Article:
“With the Dragonfly mission, NASA will once again do what no one else can do,” said NASA Administrator Jim Bridenstine. “Visiting this mysterious ocean world could revolutionize what we know about life in the universe. This cutting-edge mission would have been unthinkable even just a few years ago, but we’re now ready for Dragonfly’s amazing flight.”



Dragonfly took advantage of 13 years’ worth of Cassini data to choose a calm weather period to land, along with a safe initial landing site and scientifically interesting targets. It will first land at the equatorial “Shangri-La” dune fields, which are terrestrially similar to the linear dunes in Namibia in southern Africa and offer a diverse sampling location. Dragonfly will explore this region in short flights, building up to a series of longer “leapfrog” flights of up to 5 miles (8 kilometers), stopping along the way to take samples from compelling areas with diverse geography. It will finally reach the Selk impact crater, where there is evidence of past liquid water, organics – the complex molecules that contain carbon, combined with hydrogen, oxygen, and nitrogen – and energy, which together make up the recipe for life. The lander will eventually fly more than 108 miles (175 kilometers) – nearly double the distance traveled to date by all the Mars rovers combined.



“Titan is unlike any other place in the solar system, and Dragonfly is like no other mission,” said Thomas Zurbuchen, NASA’s associate administrator for Science at the agency’s Headquarters in Washington. “It’s remarkable to think of this rotorcraft flying miles and miles across the organic sand dunes of Saturn’s largest moon, exploring the processes that shape this extraordinary environment. Dragonfly will visit a world filled with a wide variety of organic compounds, which are the building blocks of life and could teach us about the origin of life itself.”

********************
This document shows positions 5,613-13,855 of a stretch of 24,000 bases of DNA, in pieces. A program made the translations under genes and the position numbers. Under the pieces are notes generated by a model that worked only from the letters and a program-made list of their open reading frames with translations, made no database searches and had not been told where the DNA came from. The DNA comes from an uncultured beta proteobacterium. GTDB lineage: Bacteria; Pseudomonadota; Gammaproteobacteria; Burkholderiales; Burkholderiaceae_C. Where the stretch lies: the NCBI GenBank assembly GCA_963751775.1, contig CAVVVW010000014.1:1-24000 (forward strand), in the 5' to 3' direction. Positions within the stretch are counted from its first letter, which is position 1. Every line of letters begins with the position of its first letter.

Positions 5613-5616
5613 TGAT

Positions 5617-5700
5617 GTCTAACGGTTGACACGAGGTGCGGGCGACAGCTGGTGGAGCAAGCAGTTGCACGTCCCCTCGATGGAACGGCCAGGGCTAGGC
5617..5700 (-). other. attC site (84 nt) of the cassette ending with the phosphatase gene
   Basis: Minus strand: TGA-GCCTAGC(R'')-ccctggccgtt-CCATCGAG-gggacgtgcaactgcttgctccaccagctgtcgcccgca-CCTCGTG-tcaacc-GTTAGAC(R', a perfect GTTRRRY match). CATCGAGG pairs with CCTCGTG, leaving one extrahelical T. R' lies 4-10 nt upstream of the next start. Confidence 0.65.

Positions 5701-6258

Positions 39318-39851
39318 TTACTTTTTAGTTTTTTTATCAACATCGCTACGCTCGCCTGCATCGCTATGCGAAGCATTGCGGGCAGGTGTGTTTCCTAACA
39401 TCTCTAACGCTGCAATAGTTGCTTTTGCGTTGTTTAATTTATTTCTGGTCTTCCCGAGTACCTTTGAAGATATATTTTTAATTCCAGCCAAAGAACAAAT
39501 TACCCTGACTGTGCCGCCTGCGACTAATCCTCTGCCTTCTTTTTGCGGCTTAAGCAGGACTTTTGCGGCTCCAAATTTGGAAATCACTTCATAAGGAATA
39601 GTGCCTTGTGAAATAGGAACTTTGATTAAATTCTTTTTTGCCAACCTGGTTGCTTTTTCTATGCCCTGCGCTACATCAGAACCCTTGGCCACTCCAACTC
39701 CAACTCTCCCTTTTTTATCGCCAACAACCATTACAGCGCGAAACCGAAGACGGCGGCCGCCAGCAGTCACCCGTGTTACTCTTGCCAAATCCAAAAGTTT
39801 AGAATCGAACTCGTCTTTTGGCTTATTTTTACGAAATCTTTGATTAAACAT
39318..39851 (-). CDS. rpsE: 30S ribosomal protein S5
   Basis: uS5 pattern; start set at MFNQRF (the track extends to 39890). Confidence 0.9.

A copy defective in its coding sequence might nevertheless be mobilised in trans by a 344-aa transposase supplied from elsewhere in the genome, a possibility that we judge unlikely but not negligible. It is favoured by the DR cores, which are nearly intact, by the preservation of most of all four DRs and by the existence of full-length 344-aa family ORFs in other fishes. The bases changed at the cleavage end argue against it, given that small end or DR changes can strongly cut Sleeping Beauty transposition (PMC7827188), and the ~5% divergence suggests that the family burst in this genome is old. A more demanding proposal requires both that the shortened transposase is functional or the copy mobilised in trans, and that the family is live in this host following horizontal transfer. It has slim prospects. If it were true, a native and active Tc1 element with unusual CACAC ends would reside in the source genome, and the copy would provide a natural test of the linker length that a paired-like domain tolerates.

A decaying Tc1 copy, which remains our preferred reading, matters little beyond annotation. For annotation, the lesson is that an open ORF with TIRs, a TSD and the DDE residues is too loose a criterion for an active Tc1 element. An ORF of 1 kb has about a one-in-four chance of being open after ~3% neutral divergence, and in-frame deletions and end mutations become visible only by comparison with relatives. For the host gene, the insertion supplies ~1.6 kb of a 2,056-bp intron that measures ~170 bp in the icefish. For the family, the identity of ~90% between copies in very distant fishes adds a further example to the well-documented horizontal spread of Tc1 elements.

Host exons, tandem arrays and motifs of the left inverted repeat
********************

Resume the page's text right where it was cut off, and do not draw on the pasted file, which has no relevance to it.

Titan has a nitrogen-based atmosphere like Earth. Unlike Earth, Titan has clouds and rain of methane. Other organics are formed in the atmosphere and fall like light snow. The moon’s weather and surface processes have combined complex organics, energy, and water similar to those that may have sparked life on our planet.



Titan is larger than the planet Mercury and is the second largest moon in our solar system. As it orbits Saturn, it is about 886 million miles (1.4 billion kilometers) away from the Sun, about 10 times farther than Earth. Because it is so far from the Sun, its surface temperature is around -290 degrees Fahrenheit (-179 degrees Celsius). Its surface pressure is also 50 percent higher than Earth’s.



Dragonfly was selected as part of the agency’s New Frontiers program, which includes the New Horizons mission to Pluto and the Kuiper Belt, Juno to Jupiter, and OSIRIS-REx to the asteroid Bennu. Dragonfly is led by Principal Investigator Elizabeth Turtle, who is based at Johns Hopkins University’s Applied Physics Laboratory in Laurel, Maryland. New Frontiers supports missions that have been identified as top solar system exploration priorities by the planetary community. The program is managed by the Planetary Missions Program Office at NASA’s Marshall Space Flight Center in Huntsville, Alabama, for the agency’s Planetary Science Division in Washington.



“The New Frontiers program has transformed our understanding of the solar system, uncovering the inner structure and composition of Jupiter’s turbulent atmosphere, discovering the icy secrets of Pluto’s landscape, revealing mysterious objects in the Kuiper belt, and exploring a near-Earth asteroid for the building blocks of life,” said Lori Glaze, director of NASA’s Planetary Science Division. “Now we can add Titan to the list of enigmatic worlds NASA will explore.”



For more information about Titan, visit:






Read more about NASA’s New Frontiers Program and missions at: